custard tart vs chocolate pudding

custard tart || cityhippyfarmgirl

custard tart || cityhippyfarmgirl

I recently made a chocolate self saucing pudding.

It was fairly forgettable really.

Prompted from a chat on instagram, I wanted to revisit my early teen winning staple. And I really mean staple. I made those chocolate puddings on a weekly basis at one stage. Fueled by my love of anything dessert orientated and driven by a new found kitchen freedom that one seems to acquire after a certain period of time that has passed of proving yourself. Yep, I could bake them alright, and along with it feed my hungry mouthed siblings all through the long winter months. (Which weren’t particularly long, but it does sound more dramatic.)

The question was, would I be doing the same for my own children? Would the humble self saucing chocolate pudding become a family favourite as it once was mine?

Errr, no. No it won’t be.

I made it. It was pleasant, and that was about it. It seems my chocolate pudding days go no further. After 20 plus years of not making it, it seems my palate has completely changed. No longer sated by a simple concoction of self-raising flour, sugar, and cocoa. It really just didn’t do anything for me.

Now I could adapt a recipe, make it my own. Throw some more ingredients in there that are more attune to what our young family enjoys, however I probably won’t… as instead I revisited the humble custard tart.

And that dear people, was well worth the revisit.

Given that I have a long held history with custard anything, it would have been a shame if this one didn’t cut it. At times in my younger life I may have been held up by custard. It’s not the first time I’ve mentioned the love for custard on the blog, (nor probably the last.) But what I will mention is the tart disappeared far quicker than the chocolate pudding, which unfortunately seemed to quietly whither within the fridge over a period of days.

This recipe isn’t very complicated. There is no resting of pastry, no straining of custard, and if you feel like that second slice…I say go right ahead.

custard tart || cityhippyfarmgirl

Custard Tart

Pastry

180g cold cubed butter

50g icing sugar

1 egg

250g plain flour

In a blender pulse, butter, flour and sugar together until it forms bread crumbs. Drop an egg in and a give it a quick whizz. Pop the mixture out on to a lightly floured bench top and gently knead until the dough comes together. Between two baking sheets, roll it out to about .5cm thickness. Plop the dough into your greased pie or tart dish, keeping one side of the baking paper on there. With the baking paper side up, add pie weights or something to weigh the pastry casing down- bake blind for about 20-15 minutes or until golden at 180C.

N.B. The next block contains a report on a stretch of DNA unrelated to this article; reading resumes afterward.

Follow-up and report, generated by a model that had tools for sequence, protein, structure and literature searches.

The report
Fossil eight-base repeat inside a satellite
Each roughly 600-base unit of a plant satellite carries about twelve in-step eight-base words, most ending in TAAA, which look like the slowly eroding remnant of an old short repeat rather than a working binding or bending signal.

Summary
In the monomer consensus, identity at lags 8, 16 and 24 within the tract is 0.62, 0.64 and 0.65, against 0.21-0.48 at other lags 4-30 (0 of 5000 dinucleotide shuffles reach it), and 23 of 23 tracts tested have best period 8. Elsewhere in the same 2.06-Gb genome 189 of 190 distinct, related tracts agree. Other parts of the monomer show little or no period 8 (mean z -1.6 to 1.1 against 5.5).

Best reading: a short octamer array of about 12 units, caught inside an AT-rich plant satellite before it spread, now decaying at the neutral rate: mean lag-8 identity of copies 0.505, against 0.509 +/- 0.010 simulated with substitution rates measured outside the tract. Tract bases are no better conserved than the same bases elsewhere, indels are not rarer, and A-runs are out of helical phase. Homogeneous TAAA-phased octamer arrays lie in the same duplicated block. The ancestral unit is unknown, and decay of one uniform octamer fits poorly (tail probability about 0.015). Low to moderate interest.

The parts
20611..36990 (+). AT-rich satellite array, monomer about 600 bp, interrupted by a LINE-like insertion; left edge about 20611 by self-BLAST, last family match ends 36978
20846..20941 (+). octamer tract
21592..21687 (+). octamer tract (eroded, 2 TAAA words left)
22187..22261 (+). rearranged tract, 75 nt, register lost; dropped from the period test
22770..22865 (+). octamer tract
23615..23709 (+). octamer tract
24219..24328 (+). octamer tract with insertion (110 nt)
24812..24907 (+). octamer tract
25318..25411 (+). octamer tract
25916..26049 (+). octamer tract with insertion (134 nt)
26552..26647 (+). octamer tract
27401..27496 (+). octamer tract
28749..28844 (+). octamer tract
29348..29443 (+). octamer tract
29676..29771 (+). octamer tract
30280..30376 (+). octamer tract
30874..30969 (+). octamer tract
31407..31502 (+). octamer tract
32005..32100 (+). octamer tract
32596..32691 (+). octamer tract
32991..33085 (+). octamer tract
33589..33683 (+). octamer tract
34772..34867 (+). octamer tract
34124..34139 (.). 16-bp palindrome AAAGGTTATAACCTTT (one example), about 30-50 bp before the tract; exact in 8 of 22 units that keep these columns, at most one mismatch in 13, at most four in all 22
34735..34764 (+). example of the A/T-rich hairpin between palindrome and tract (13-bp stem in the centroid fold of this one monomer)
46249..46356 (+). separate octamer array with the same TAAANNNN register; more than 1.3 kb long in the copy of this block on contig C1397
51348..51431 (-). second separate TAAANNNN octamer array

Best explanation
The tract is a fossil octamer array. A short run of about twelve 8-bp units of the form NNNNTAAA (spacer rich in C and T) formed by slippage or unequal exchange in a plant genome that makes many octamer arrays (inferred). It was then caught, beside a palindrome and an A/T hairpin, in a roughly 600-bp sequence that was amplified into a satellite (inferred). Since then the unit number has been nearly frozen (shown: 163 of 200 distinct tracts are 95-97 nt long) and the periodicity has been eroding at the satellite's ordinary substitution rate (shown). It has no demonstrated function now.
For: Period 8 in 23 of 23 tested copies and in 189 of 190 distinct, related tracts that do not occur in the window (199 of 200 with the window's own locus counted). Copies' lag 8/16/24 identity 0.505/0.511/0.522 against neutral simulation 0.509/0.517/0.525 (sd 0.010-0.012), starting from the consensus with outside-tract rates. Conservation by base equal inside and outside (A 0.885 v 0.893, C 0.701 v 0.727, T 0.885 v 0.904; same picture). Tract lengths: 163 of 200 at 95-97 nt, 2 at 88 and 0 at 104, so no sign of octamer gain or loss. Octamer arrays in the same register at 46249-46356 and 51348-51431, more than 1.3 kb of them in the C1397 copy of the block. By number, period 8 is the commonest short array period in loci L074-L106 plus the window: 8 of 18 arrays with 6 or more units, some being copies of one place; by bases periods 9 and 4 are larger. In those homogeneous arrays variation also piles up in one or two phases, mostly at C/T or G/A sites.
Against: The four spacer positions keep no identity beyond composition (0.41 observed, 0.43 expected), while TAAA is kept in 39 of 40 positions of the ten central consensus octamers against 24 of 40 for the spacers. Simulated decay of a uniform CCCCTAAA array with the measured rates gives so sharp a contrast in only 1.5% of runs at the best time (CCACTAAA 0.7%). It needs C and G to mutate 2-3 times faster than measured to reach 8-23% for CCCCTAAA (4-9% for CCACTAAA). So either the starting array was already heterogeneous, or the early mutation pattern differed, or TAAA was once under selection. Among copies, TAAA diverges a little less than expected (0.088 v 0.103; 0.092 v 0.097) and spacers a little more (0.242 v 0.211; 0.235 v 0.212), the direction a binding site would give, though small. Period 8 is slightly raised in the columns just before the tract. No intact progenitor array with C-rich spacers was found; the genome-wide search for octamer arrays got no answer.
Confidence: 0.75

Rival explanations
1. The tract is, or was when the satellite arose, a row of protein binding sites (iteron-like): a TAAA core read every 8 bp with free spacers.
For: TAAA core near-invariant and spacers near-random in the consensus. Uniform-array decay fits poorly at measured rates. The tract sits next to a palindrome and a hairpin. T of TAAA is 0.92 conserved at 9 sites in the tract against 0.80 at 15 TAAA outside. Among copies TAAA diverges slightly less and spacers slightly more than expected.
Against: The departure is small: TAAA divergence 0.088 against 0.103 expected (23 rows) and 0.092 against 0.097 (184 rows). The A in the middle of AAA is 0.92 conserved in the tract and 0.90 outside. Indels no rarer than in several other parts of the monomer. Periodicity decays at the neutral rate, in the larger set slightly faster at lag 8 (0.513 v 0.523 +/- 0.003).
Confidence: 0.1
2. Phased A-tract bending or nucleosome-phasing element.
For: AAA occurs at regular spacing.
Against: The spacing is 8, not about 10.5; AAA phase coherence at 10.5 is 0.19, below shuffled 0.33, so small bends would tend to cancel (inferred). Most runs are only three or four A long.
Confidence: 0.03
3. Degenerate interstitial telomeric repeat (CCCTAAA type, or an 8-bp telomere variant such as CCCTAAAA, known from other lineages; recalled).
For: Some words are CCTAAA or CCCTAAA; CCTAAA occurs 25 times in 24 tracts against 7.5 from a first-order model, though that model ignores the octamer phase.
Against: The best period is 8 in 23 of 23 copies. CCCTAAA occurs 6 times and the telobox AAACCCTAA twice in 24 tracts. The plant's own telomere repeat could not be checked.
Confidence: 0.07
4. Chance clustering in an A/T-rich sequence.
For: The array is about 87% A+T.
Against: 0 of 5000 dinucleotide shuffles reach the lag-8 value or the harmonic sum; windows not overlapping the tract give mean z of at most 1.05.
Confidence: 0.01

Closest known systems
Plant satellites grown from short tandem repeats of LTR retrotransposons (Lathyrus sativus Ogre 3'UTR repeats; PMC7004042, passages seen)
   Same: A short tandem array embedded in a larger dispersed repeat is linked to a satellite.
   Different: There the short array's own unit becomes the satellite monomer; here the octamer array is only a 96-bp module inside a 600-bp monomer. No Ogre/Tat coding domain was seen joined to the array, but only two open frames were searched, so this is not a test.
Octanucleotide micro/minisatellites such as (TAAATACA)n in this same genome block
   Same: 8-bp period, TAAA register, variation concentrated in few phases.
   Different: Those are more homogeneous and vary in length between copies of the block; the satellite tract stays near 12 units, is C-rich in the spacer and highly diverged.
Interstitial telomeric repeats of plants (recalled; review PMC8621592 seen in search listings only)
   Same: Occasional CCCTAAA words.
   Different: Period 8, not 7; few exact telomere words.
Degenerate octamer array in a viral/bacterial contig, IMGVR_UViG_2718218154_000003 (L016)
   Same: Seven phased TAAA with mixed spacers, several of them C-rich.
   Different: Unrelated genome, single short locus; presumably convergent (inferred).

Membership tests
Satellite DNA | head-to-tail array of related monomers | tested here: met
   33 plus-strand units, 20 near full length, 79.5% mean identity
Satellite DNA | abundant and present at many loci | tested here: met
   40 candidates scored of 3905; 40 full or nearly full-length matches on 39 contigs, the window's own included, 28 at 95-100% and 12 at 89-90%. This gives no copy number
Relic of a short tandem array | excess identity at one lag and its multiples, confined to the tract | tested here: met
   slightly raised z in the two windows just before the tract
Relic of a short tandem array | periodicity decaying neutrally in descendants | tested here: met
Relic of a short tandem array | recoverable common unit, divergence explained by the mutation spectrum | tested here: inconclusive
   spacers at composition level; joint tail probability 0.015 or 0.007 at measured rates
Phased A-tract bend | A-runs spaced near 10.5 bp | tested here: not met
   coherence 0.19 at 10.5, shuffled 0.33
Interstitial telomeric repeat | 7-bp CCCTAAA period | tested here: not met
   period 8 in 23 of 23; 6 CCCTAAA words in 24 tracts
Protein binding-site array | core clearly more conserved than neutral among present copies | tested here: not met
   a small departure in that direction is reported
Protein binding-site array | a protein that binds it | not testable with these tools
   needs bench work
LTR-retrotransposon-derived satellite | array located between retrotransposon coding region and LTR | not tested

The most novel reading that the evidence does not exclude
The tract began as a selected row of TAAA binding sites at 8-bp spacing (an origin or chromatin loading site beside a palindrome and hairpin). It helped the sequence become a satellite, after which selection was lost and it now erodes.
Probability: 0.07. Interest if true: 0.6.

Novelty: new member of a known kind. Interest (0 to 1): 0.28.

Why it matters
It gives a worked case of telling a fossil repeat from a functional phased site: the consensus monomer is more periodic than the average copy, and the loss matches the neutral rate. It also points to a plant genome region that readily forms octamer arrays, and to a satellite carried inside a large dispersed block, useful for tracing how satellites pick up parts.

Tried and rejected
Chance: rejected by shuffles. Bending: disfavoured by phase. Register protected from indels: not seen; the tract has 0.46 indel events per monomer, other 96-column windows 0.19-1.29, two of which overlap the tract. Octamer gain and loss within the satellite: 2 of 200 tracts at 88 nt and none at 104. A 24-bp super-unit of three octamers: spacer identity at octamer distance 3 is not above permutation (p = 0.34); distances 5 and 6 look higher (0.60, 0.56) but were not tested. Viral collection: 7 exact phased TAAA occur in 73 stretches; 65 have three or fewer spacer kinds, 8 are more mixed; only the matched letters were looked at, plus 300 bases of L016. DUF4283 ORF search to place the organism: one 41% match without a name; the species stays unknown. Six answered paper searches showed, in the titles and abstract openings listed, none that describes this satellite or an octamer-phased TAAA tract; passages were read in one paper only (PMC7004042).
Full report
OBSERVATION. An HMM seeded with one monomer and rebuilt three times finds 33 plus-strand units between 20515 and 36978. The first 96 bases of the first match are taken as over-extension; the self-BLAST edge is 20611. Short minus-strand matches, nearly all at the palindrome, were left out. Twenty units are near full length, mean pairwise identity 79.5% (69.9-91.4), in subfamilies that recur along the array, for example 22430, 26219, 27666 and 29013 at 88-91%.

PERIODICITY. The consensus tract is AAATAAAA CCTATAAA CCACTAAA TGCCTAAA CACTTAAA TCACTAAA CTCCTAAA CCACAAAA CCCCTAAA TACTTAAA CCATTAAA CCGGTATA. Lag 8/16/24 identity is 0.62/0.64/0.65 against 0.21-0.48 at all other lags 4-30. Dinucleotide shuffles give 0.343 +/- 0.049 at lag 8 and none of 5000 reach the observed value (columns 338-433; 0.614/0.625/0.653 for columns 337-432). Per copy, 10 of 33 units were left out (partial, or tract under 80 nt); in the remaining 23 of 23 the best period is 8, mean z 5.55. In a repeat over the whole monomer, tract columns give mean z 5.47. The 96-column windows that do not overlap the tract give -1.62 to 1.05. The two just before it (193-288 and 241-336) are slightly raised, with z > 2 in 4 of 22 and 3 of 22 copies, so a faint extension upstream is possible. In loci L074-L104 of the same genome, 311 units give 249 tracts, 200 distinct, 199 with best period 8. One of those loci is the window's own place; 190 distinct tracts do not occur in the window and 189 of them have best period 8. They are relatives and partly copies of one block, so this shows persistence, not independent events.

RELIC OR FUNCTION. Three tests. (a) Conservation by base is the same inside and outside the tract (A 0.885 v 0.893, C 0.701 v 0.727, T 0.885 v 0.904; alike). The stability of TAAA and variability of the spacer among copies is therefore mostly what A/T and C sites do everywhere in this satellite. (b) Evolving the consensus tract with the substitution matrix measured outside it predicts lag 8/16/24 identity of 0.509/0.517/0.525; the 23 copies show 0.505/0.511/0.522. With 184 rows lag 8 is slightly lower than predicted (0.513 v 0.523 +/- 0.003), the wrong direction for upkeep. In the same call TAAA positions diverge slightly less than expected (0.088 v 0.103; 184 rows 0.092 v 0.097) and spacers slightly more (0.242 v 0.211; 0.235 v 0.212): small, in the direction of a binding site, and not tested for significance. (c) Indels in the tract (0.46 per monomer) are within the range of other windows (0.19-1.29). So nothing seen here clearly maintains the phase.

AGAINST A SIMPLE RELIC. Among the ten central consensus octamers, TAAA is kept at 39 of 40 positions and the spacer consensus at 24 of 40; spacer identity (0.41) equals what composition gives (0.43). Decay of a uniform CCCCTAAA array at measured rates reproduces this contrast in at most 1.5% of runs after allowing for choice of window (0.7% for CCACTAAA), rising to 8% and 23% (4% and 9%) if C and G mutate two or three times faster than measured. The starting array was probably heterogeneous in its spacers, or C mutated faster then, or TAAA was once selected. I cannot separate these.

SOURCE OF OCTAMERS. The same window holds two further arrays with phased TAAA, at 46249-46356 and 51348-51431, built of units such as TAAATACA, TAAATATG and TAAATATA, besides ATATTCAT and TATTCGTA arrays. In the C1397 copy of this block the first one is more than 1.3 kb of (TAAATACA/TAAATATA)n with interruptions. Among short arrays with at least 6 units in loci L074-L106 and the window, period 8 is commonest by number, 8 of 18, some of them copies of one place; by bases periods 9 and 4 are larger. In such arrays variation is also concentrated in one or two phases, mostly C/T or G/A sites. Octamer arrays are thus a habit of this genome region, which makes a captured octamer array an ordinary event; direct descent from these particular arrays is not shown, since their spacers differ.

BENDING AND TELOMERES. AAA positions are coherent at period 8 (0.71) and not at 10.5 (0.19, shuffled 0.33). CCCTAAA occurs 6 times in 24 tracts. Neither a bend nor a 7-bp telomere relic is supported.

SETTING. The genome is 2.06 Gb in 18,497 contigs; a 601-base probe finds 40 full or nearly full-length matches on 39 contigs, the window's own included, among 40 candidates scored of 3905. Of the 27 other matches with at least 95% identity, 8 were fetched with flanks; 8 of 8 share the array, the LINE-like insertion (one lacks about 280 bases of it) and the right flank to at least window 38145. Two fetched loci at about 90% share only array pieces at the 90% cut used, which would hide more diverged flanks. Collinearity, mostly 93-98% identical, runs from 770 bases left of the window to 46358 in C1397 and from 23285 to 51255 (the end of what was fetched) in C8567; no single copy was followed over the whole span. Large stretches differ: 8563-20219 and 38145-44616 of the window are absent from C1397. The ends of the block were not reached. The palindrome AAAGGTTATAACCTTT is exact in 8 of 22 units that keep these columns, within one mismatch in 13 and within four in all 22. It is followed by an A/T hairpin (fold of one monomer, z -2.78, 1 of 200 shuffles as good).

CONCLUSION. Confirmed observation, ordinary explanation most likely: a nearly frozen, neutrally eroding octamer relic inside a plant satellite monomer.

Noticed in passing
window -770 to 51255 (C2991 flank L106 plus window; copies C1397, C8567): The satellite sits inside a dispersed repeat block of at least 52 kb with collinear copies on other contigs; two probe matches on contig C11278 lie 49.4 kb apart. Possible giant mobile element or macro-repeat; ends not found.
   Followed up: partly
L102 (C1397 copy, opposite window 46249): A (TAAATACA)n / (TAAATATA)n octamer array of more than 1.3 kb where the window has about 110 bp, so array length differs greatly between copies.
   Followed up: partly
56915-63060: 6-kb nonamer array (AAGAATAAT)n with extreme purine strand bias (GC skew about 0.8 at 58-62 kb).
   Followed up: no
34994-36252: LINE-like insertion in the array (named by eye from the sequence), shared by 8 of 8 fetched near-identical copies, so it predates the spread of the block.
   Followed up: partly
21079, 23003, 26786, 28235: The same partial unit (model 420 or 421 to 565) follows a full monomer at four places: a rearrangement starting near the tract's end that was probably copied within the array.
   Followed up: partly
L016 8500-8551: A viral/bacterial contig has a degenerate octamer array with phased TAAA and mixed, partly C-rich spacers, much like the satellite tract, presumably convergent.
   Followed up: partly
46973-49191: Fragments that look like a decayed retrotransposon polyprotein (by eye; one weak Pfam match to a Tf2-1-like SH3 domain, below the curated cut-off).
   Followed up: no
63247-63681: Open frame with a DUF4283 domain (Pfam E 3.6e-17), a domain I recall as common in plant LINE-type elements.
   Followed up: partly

Custard

600mls milk

2 tsps vanilla

4 egg yolks

3/4 cup sugar

1/2 cup cornflour

50g melted butter

nutmeg

Add all ingredients except milk and nutmeg together to form a paste like consistency. In a pot over medium heat, add all of the paste and slowly add the milk, stirring continually. Keep stirring until the custard just comes together and then take it off the heat. (If by chance you get side tracked, and your custard gets a little lumpy- wizz it with a hand held mixer- voila! smooth custard.)

Pour custard into the tart shell and grate a little fresh nutmeg over the top.

Eat with enthusiasm and noisy laughter.

simple custard  tart recipe || cityhippyfarmgirl

caramelised onion tart…the post that nearly wasn’t

caramelised onion tart

caramelised onion tart

I’m not sure why but this post is the one that keeps getting bumped to the bottom of the pile. Time and time again this is the post that gets discarded and ignored.

Why? I’m not really sure. I love the caramelised onions, I love the tart and have made it several times now, so why do I keep bumping it off? One of the many mysteries of the blogging world I suspect.

Not today though. Not today will I bump it off in favour of a shinier post.

Today I will keep typing and press publish. It’s the right thing to do.

How about you? Do you have a blog post that for 547 reasons, has yet to see the light of day?

caramelised onion tart

caramelised onion tart

Pastry

(in a blender)

300gms plain flour (2 cups)

and

200gms cold butter cubed

pulse until resembles bread crumbs

tip out to a mixing bowl

and add

110gms natural yogurt and

1 tsp white vinegar

Mix together. Quick knead on a floured surface until a dough ball forms. Cover with clingwrap and pop in the fridge for about an hour. Cut ball of dough in half and roll out to the shape you want. I rolled out to a rough rectangular shape 1/2 cm thick. Prick with a fork all over and into the oven for about 15-20 minutes or until golden at 200C. While that’s cooking make the onions up.

Caramelised Onions

6 onions or so into 1/8th’s and pulsed in the blender

tip into a wide bottomed pot and add